On December 14, 2017, Orphazyme A/S, University of Kansas Medical Center, and UCL announced that Orphazyme formally assumes the sponsorship of Phase II/III arimoclomol trial for the rare neuromuscular disease sporadic Inclusion Body Myositis (sIBM).
The arimoclomol trial was conceived by expert investigators at KU Medical Center and UCL to assess the efficacy and safety of arimoclomol for the treatment of sIBM. The KU Medical Center and UCL teams bring long-standing knowledge on the basic and clinical science of sIBM.
Principal Investigator of the study and Director of the Neuromuscular Division at KU Medical Center is Professor Mazen M. Dimachkie said, “The situation is dire for the patients as they progressively lose dexterity, mobility and independence. We do not have any effective treatment for this major unmet medical need, and I am excited to be leading this important trial.”
We will continue to provide you with updates as we continue to learn more about this trial and work together with Orphazyme.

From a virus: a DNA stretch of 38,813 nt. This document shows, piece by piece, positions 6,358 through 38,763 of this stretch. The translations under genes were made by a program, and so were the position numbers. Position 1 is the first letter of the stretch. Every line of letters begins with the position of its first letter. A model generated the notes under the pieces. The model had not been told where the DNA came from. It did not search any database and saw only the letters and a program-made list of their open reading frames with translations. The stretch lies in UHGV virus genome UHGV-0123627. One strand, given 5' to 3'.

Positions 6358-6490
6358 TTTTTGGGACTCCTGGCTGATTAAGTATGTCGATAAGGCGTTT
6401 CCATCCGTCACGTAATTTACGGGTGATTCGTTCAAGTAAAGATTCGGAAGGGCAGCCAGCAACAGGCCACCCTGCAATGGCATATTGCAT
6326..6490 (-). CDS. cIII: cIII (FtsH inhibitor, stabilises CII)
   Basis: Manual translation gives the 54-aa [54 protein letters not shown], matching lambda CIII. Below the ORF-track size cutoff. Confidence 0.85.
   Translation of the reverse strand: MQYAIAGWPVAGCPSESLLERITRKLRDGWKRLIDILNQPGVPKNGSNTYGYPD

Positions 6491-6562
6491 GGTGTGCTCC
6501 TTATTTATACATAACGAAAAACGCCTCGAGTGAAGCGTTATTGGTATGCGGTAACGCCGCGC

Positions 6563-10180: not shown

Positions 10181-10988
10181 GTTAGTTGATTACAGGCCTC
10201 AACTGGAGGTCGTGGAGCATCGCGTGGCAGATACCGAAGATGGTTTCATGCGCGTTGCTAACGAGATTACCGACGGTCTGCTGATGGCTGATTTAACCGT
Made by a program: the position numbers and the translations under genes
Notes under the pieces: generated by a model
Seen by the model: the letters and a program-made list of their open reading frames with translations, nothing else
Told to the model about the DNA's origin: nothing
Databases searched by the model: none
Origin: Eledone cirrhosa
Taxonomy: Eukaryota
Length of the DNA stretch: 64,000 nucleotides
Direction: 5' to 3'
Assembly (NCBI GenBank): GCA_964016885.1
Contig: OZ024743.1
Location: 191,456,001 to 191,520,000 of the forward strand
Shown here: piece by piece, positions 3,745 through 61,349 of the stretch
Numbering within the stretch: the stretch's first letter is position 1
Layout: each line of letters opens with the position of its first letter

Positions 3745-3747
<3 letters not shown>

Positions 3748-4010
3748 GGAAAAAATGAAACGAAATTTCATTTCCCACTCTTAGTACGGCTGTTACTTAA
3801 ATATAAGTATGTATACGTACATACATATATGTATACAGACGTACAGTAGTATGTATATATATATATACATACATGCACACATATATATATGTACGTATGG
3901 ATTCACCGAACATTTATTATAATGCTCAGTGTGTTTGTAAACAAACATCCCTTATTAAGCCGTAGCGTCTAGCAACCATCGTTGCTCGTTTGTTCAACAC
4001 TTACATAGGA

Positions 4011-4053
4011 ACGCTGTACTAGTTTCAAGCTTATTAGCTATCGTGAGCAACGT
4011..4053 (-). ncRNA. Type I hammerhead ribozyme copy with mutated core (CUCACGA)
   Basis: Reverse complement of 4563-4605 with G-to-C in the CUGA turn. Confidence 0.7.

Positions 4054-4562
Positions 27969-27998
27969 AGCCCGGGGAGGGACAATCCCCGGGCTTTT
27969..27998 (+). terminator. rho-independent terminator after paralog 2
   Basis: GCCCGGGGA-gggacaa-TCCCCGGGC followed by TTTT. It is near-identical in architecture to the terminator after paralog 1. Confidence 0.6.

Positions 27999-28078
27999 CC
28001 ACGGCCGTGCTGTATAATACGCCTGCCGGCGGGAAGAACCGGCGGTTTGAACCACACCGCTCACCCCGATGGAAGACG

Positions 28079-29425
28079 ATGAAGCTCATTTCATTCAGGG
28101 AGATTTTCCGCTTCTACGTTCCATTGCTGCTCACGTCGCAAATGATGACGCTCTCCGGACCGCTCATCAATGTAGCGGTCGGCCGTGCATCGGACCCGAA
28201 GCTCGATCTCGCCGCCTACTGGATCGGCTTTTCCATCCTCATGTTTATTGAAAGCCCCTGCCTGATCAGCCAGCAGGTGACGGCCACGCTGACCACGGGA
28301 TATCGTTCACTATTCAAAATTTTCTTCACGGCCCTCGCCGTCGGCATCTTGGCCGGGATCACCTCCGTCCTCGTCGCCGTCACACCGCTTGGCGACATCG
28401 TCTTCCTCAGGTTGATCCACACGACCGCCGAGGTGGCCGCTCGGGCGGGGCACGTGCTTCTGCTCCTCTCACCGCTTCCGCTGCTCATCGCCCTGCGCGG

Arimoclomol is a new chemical entity with a very favorable safety and tolerability record in humans: Seven Phase I clinical studies have been conducted in healthy volunteers. Arimoclomol is administered orally, three times daily, and can be easily dissolved in liquids or food for best possible patient comfort and compliance. Orphazyme has obtained orphan drug designation for arimoclomol in NPC, ALS, and sIBM from both the FDA and EMA.
About Orphazyme A/S
Orphazyme is a Danish biotech company listed on Nasdaq Copenhagen with a late-stage drug pipeline, developing new treatment options for orphan protein-misfolding diseases. The company was founded in 2009 based on early scientific discovery in heat-shock proteins. The company is headquartered in Copenhagen and currently has 30 employees. The lead candidate arimoclomol is in development as a potential treatment for four orphan diseases; two neuromuscular diseases, sporadic Inclusion Body Myositis (“sIBM”) and Amyotrophic Lateral Sclerosis (“ALS”), and two lysosomal storage diseases, Niemann Pick Type C (“NPC”) and Gaucher disease. For more information, please visit www.orphazyme.com.
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